Example:
कोई उम्मीद बर नहीं आती
कोई सूरत नज़र नहीं आती


बर, ज़र: काफिया
नहीं आती: रदीफ़


4. Sher
The most common and a very beautiful form of Urdu poetry is sher. The main characteristic of a sher is that it is, in general, self-contained, and makes a complete statement. In that sense it is similar to Hindi dohaa and Persian couplet.

Let us consider examples of dohaa and Persian couplets:

दोहा (तुलसीदास):
आवत ही हर्षे नहीं, नयनन नहीं सनेह|
तुलसी तहां न जाइए, कंचन बरसे मेह||

रहीम:
जो रहीम ओछो बढे, तो अति ही इतराये|
प्यादे ते फर्जी भयो, टेढो टेढो जाये||

The dohaas of Ramcharitmaanas are parts of an extended poem (epic) and, in that sense, not independent. Yet, often they can be a complete statement in themselves. Such as:

वारि मथे घृत होय बरु, सिकता ते बरु तेल|
बिनु हरि भजे न भव तरहि, यहु सिद्धांत अपेल||

This is in Avadhi. वारि = पानी; बरु = संभव; सिकता = बालू; अपेल = जिसका अपवाद न हो or unbreakable. Full meaning of the dohaa - It may be possible to get ghee by stirring water. It may be even possible to extract oil out of sand, but बिना हरि भजे भवसागर से तर नहीं सकते (no way to express this in English); this 'theorem' or 'principle' has no exception.

Note two characteristics of dohaa: Both the lines rhyme- "saneh", "meh" in the first dohaa. In the second dohaa, ‘itraaye’ and ‘jaaye’ rhyme. Similarly ‘tel’ and ‘apel’ rhyme in the third one. It is very common, to have the poet's name in the first or second line of dohaas. The poet's name is not used in most of Raamcharitmanas dohaas because they are parts of a running story. The most important thing is that a dohaa has a very specific meter as you can feel from all the three quoted above. This meter is universally followed with no exceptions.

Now let us consider two Persian couplets:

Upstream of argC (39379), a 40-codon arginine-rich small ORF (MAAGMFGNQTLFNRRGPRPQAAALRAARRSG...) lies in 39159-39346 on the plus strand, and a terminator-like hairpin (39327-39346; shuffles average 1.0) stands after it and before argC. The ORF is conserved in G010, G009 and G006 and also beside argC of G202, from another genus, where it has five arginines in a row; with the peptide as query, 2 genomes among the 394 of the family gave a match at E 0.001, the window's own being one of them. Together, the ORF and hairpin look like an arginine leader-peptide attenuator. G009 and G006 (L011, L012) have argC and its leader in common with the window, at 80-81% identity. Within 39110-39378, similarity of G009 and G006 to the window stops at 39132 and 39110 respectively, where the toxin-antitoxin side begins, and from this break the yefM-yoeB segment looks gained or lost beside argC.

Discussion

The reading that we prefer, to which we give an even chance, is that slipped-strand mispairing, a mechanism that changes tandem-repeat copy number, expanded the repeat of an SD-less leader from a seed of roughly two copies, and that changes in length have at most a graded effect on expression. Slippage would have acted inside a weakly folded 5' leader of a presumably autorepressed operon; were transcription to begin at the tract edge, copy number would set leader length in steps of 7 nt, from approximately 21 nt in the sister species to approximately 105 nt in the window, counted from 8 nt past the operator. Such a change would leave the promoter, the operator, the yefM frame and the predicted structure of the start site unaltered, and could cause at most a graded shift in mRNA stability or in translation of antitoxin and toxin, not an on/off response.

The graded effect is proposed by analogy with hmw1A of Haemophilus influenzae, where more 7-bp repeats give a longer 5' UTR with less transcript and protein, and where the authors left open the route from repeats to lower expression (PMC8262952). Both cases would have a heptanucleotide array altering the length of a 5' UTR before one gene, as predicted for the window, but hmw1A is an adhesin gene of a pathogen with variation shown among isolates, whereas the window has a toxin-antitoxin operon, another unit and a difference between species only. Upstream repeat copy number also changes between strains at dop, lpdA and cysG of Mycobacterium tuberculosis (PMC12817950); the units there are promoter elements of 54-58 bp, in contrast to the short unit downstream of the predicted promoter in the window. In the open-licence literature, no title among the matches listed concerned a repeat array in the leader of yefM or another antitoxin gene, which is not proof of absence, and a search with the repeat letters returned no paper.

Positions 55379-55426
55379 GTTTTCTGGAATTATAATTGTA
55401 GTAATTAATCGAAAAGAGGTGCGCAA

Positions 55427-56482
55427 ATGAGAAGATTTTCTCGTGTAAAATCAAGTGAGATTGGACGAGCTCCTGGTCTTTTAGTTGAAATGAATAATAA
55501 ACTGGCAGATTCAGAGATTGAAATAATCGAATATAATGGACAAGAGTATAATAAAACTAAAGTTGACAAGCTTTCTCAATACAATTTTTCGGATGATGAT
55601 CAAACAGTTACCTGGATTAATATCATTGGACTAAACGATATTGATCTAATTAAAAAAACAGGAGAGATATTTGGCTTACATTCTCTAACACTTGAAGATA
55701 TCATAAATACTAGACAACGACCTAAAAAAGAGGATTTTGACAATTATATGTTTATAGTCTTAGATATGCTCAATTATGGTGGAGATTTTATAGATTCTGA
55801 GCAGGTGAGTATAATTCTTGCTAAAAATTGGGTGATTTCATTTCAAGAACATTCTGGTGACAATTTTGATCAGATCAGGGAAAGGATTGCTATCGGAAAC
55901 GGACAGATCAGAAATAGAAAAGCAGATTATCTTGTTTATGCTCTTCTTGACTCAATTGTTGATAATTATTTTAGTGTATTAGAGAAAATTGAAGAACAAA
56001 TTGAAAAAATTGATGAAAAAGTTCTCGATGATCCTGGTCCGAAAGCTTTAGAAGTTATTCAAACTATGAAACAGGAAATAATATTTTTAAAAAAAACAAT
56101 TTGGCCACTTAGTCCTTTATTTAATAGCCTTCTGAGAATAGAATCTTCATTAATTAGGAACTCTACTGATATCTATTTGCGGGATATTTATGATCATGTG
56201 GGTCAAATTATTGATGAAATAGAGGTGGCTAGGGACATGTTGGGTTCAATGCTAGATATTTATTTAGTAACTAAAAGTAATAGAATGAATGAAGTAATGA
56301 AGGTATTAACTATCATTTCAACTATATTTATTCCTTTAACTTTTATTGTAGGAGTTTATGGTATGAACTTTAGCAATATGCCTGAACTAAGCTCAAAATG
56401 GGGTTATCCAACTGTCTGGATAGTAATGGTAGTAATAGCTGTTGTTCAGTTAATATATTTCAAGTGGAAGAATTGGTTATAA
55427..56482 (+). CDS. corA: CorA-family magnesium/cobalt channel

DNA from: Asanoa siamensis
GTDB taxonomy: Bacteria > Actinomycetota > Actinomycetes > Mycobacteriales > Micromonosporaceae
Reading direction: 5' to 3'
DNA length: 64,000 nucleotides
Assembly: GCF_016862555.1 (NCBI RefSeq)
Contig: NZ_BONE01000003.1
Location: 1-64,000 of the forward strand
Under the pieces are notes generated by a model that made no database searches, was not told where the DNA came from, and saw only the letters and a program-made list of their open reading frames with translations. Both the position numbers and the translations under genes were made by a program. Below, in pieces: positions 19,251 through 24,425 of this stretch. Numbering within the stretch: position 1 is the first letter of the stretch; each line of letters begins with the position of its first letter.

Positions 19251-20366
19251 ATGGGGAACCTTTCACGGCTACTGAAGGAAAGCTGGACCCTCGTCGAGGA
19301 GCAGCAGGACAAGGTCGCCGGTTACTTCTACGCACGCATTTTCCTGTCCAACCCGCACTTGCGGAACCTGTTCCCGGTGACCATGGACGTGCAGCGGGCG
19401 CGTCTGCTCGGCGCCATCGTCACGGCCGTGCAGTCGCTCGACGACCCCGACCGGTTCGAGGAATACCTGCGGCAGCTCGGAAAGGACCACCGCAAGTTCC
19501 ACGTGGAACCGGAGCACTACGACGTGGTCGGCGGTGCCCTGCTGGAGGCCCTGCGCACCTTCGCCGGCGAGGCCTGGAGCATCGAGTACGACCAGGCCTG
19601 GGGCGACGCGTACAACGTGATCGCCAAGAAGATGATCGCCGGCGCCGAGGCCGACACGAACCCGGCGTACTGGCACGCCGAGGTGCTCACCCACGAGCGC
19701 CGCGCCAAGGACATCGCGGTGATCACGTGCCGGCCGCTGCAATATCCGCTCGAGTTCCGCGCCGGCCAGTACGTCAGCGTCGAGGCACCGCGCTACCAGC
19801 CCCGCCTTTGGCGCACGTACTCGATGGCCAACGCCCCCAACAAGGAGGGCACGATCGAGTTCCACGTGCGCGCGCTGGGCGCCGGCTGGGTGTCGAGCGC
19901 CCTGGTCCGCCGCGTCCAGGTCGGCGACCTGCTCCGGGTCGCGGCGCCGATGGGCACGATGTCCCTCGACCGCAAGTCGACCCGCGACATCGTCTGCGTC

बर मज़ारे मा गरीबां, नै चिरागे, नै गुले
नै परे परवाना सोज़द, नै सदाये बुलबुले.

Meaning: मुझ गरीब की मज़ार पर, न चिराग है, न फूल| न परवाने के परों (के जलने) की आवाज़ आती है और न बुल बुल की सदा|

This couplet was written by Jahaanaara (Aurangzeb's sister), who wrote poetry secretly. Aurangzeb, did not allow writing poetry. It is curious how a princess could be so sad and depressed. Most of her poems are in a very sad mood. There are legends about her lost love that may be reflected in her poems.

One more Persian example (we don't know the name of the poet, but it is a classic) :

आहिस्ता बर्गे गुल बफिशां बर मज़ार मा;
बस नाज़ुकस्तशीशए दिल दरकनार मा.

Meaning: मेरी मज़ार पर फूल धीरे से चढ़ाना; ऐसा न हो कि मेरा शीशे जैसा नाज़ुक दिल टूट जाये (दरार पड़ जाये).

We have quoted these two Persian couplets for two reasons just to show how they are adopted in Urdu poetry. Historically, Persian poetry preceded Hindi poetry. It had couplets like dohaa but the meter is entirely different. Now you can see the effect of Persian poetry on a typical Urdu sher. In addition to the structure of the sher, concepts like mazaar par phool chadhaanaa, sheeshe jaisaa naazuk dil, are still used in Urdu poetry.

Now, in the backdrop of the dohaa and Persian couplets, let us see a beautiful sher by Momin:

तुम हमारे किसी तरह न हुए, वरना दुनिया में क्या नहीं होता.
तुम मेरे पास होते हो गोया, जब कोई दूसरा नहीं होता.

Radeef: "नहीं होता". Kaafiyaa: "क्या" and "दूसरा".

This sher was Ghalib's favorite. He said to Momin, "आप मेरा सारा दीवान ले लें, और यह शेर मुझे दे दें". Someone like Ghalib could not give a better compliment to a fellow poet. Another beauty by Momin is given below.

मैं तो इक अश्के-नदामत के सिवा कुछ भी नहीं,
तुम अगर चाहो तो पलकों पे बिठा लो मुझको.